Optus said on Wednesday it is testing three technologies that form part of the federal government’s AU$2 million Alternative Voice Services Trials (AVST) program.
The first is SatOffice Direct To Home Voice Over IP, which Optus described as being dial tone over satellite and allows for calls like a regular copper line.
The second uses a femtocell with 4G satellite backhaul that can provide mobile coverage up to 1km from an antenna typically placed on a homestead roof. Optus said it has already deployed this approach at 49 sites as part of the mobile blackspot program.
The third, dubbed SatOffice POP Wireless Access Loop for VoIP, uses Wi-Fi repeaters and point-to-point wireless links to extend satellite connectivity out to several kilometres.
Each technology is being tested in rural areas in New South Wales, South Australia, and Queensland until May 2022.
Once a solution is deployed, Optus said users will have “access to mobile services through satellites comparable in quality to that of traditional copper wires”.
Previous attempts at providing voice services in Australia have been criticised for having high latency, which Optus head of satellite and space systems Nick Leake told ZDNet was being overcome.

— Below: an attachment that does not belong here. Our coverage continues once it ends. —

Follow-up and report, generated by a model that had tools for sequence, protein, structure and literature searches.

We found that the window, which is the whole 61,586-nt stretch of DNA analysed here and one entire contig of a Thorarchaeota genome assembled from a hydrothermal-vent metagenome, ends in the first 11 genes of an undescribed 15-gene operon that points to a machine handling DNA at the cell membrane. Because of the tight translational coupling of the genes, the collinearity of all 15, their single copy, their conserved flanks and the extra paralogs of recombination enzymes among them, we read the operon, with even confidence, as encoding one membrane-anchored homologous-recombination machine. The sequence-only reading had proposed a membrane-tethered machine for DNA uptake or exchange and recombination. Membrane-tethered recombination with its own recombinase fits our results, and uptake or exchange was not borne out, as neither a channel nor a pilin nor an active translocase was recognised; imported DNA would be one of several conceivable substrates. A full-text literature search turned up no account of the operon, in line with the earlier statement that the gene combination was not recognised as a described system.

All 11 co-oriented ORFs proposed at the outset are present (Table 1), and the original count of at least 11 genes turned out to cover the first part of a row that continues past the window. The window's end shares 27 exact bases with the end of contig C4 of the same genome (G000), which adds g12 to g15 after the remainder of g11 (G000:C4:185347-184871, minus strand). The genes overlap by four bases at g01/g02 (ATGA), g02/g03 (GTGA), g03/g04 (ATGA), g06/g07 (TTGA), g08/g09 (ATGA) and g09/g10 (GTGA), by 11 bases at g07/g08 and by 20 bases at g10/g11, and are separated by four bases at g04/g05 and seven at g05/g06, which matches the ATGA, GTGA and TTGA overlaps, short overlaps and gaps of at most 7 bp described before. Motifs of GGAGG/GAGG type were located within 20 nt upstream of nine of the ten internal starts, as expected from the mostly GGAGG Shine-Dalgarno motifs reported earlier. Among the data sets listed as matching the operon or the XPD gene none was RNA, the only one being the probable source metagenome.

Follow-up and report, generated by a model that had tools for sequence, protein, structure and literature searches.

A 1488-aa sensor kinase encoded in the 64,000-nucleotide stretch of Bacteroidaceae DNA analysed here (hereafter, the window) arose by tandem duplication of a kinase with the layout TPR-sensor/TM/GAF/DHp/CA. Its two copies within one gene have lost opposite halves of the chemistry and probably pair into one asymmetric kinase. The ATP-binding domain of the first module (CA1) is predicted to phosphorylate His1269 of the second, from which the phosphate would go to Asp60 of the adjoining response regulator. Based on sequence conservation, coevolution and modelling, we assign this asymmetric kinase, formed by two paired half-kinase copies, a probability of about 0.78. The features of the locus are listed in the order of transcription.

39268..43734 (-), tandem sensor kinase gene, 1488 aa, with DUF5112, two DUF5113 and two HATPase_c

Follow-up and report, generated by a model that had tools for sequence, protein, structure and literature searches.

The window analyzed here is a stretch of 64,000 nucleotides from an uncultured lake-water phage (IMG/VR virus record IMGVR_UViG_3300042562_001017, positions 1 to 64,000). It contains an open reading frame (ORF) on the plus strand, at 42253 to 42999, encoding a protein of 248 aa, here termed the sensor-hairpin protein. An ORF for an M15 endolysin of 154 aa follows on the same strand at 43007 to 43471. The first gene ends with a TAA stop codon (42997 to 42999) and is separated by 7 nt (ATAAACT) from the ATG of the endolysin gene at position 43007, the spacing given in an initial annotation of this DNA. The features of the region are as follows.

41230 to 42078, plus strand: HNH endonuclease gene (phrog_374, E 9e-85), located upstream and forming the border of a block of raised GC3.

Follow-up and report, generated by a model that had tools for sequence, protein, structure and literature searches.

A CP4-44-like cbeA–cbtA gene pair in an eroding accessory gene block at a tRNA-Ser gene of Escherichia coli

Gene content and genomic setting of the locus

“There is a common misconception that satellite latency cannot support quality real-time traffic such as voice. Optus has taken the skills and capabilities of providing voice and data services over many years and have applied them to the innovation behind AVST,” he said.
“Through this journey, we have learned that if designed, implemented, and managed properly, we can have high quality voice calls over satellite. While all satellites have a degree of inherent latency, by ensuring service quality and maintaining a constant jitter, preventing packet drops and voice-distortion from happening, we can still provide real-time traffic.”